AMAZING HERSCHELL GORDON LEWIS
The exploitation filmmaker Herschell Gordon Lewis is widely hailed as the Godfather of Gore. His flicks, which include such 1960s and 70s-era anti-classics as BLOOD FEAST, TWO THOUSAND MANIACS!, SHE-DEVILS ON WHEELS and THE WIZARD OF GORE, were groundbreakers in the field of extreme cinema. While they no longer pack the same punch they apparently once did, those films have a definite charm, neatly summed up by the following:
“Lewis was a filmmaker who “dared to think the unthinkable”...in the form of some of the most absurd, bizarre, sometimes horrendous, and totally off-the-wall plots and action sequences ever concocted...By doing this, Lewis created his own form of cinematic surrealism...Imagination abounds in his work alongside the sensationalism.”
That’s from Daniel Krogh’s THE AMAZING HERSCHELL GORDON LEWIS, the first book devoted to this “amazing” talent. It was published back in 1983, when Lewis’ films were hard to come by, which explains the lengthy appendix detailing their availability on celluloid and VHS. There’s also an introduction by John McCarty, author of the seminal SPLATTER MOVIES, and a concluding interview with Lewis himself.
Unfortunately this isn’t a great, or even especially good, book by any means. Most of the info it doles out is perfunctory, offering little to no illumination on how Lewis came up with the funding for his vile epics, or why he abruptly quit the splatter trade after three films and made several forgettable nudie flicks--and then just as abruptly turned back to it in the late sixties.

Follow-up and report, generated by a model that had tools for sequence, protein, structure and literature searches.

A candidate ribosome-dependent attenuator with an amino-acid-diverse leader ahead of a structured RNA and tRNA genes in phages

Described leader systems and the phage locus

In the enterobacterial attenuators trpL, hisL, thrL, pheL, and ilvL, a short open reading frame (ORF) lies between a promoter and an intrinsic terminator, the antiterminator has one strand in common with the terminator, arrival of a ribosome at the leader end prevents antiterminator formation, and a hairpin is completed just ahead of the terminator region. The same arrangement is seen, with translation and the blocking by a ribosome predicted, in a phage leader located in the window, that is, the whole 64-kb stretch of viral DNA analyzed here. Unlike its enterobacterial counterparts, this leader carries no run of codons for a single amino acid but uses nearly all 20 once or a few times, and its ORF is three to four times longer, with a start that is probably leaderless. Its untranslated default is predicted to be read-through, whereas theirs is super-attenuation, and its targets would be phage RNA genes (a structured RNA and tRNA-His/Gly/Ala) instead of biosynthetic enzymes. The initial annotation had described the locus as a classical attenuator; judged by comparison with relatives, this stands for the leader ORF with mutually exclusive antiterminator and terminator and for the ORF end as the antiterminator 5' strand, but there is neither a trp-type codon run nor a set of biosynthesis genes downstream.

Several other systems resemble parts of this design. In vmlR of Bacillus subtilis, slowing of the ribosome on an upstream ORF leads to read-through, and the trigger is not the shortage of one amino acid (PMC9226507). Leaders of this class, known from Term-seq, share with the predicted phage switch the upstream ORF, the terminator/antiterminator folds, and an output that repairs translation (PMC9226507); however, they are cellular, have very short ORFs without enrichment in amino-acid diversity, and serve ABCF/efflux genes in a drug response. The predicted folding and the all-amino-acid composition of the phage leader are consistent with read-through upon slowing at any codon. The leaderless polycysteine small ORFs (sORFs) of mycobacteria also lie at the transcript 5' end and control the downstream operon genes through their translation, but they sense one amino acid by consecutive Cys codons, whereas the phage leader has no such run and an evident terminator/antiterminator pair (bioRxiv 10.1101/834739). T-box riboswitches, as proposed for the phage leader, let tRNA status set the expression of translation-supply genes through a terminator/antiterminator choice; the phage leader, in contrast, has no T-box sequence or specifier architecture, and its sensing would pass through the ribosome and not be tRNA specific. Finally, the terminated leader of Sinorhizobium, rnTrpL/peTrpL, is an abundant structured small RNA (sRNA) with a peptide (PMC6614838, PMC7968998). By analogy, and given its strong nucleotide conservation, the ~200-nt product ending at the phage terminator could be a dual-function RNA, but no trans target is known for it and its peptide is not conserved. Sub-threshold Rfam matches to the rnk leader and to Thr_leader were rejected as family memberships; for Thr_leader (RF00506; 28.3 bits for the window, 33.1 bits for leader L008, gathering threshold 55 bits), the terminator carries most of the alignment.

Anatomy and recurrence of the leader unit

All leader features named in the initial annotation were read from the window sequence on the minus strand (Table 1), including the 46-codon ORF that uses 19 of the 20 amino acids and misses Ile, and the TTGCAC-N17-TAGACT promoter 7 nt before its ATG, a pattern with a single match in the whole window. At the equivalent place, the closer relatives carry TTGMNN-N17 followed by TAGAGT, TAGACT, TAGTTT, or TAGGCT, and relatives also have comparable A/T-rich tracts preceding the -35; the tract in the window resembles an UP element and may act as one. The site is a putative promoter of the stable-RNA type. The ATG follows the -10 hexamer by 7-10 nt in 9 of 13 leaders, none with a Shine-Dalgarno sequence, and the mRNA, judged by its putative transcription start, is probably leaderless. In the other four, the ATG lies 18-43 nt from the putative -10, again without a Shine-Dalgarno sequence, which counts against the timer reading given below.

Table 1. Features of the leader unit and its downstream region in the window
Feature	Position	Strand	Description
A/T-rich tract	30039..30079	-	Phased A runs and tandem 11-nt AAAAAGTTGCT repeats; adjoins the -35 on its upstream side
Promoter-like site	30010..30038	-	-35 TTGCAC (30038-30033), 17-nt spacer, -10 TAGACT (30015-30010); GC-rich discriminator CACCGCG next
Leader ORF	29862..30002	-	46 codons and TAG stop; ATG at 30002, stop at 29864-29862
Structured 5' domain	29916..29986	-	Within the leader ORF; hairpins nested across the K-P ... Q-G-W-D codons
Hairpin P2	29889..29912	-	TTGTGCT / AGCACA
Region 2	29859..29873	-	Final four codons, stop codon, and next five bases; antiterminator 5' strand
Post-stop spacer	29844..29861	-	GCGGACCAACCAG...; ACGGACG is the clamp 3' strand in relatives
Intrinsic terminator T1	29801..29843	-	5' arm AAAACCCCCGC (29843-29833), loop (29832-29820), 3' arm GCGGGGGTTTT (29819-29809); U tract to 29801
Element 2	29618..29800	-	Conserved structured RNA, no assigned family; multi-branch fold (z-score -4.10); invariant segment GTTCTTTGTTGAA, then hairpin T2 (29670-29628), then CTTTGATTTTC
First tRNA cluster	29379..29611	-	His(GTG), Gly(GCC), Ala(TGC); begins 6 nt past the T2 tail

The only real in-depth recollections occur in the later chapters. Krogh worked for Lewis during his heyday, and so offers up plenty of inside dope on lesser known Lewis epics like THE PSYCHIC (apparently “one of the most boring films in the history of exploitation filmmaking”) and A TASTE OF BLOOD. One memorable passage from this section emerges from the set of the nudie western LINDA AND ABILENE, when Lewis reportedly responded to a crew member who complained about a continuity error (specifically an out-of-place vase) thusly: “My dear sir, if the audience notices that, we haven’t got a picture.”
Krogh includes tidbits on how H.G. Lewis tried to work for Roger Corman (but was unimpressed by the paltry pay he offered) and the short-lived Blood Shed Theater. The latter was a Lewis-operated Chicago venue that screened exploitation films interspaced with live stage shows featuring simulated throat slashings and recreations of BLOOD FEAST’S notorious tongue-removal.
There are plenty of black-and-white stills illuminating the nastier elements of Lewis’ films. Most of the photos, alas, are blurry and difficult to make out. The extensive promotional material comes through much better, showcasing Lewis’ talent for advertising, his first and current occupation.
The book concludes with Lewis quitting the film business in the mid seventies (his “last” feature was 1972’s THE GORE-GORE GIRLS) to operate a successful Florida-based advertising agency. “I don’t know how likely a return by Lewis to the film business may be,” Krogh writes. Check Herschell Gordon Lewis’ imdb page for the answer to that query.